OAH Distinguished Lecturer Profile

Marla R. Miller

Portrait of Marla R. Miller

The director of the public history program at the University of Massachusetts Amherst, Marla R. Miller researches and writes about women and work in early America. She is the author of The Needle's Eye: Women and Work in the Age of Revolution (2006), a study of the New England clothing trades before industrialization. Her Betsy Ross and the Making of America (2010), the first scholarly biography of the much-misunderstood craftswoman, was a finalist for the Cundill Prize in History and was named as one of the best nonfiction books of the year by the Washington Post. Miller's latest book is Entangled Lives: Labor, Livelihood, and Landscapes of Change in Rural Massachusetts (2019). In 2012, she and three co-authors released Imperiled Promise: The State of History in the National Park Service, a multi-year study funded by the NPS Chief Historian's office and hosted by the OAH; the report won the National Council on Public History prize for Excellence in Consulting. Miller edits the Public History in Historical Perspective book series for the University of Massachusetts Press; she also consults regularly with museums and historic sites across the northeast. From 2016 to 2020 she served as president-elect and president of the National Council on Public History.

Featured Lecture

OAH Lectures

Did Betsy Ross really make our nation's "first flag?" Should she still be included among the pantheon of our nation's founders? This lecture explores the life and work of Elizabeth Griscom Ross, explaining her world as an upholstery seamstress in Revolutionary Philadelphia, and the ways in which that work intersects with histories of the Independence movement and the United States in its first half-century. Also considered are the sources of the iconic "Betsy Ross" of myth and pageantry, and how developments in American politics, culture and memory over the nineteenth century have given us the legend as we know it today.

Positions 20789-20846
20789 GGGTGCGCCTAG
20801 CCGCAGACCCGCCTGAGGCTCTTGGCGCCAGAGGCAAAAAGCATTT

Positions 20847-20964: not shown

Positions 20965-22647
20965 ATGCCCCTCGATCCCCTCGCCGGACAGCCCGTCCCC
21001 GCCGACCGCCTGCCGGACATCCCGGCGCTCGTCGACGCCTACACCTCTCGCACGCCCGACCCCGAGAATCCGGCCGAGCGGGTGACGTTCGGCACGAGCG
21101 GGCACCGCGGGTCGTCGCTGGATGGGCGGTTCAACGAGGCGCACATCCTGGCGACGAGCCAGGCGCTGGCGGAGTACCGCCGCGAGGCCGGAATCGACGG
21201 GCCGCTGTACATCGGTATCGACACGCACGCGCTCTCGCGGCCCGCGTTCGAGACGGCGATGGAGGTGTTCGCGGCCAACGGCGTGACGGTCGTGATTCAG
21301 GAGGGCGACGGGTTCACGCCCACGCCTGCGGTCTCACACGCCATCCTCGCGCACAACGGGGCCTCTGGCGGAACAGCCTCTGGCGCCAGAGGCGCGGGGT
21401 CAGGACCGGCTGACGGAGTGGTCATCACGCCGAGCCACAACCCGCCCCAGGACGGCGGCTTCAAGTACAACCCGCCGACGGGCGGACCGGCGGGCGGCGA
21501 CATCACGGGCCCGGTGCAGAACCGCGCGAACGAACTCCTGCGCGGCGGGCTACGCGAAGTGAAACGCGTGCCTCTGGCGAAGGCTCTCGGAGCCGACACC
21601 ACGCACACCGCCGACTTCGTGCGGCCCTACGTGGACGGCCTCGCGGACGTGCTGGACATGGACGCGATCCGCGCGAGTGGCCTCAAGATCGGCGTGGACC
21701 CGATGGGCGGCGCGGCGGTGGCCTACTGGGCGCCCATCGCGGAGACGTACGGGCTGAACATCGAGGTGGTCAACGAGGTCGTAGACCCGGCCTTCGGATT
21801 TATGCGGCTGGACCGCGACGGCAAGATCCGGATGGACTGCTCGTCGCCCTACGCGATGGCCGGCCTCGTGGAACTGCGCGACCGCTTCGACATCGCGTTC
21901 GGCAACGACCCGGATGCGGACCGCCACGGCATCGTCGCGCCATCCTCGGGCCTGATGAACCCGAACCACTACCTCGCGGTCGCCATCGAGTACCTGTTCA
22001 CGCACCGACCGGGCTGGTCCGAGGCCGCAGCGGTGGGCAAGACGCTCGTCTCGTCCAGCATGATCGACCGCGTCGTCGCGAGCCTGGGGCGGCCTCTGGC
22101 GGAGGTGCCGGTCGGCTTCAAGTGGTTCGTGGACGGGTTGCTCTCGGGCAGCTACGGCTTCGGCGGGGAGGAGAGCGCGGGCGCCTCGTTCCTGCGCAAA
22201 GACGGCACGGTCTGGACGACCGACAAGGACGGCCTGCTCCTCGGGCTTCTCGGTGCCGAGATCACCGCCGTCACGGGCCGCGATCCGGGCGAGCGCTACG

This talk explores the history of early American women's work in the clothing trades, as a means to better understand the meaning of craft skills, and the entangled ways that gender, artisanry, class, and opportunity shaped women's lives in rural New England. Miller's research seeks to disperse the haze of nostalgia that surrounds works of the needle while at the same time trying to understand its origins. It represents an attempt to overturn the prevailing sense -- symbolized by constructions of Colonial Barbie and the mythologized Betsy Ross -- that early American needlework was ubiquitous and undifferentiated. Miller explores the ways in which needlework shaped and reflected the circumstances of real women’s lives, circumstances that in fact varied widely over time and space; to restore skilled needlewomen to their artisanal status and to reconnect them to the expanding commercial world of the eighteenth century; and to observe the century's economic transformations from the perspective of these needleworkers.
This lecture, which draws on twenty years of experience directing one of the oldest and largest Public History programs in the nation, surveys what's involved in creating and sustaining a Public History program at a college or university, including the resources needed and the benefits that can be realized.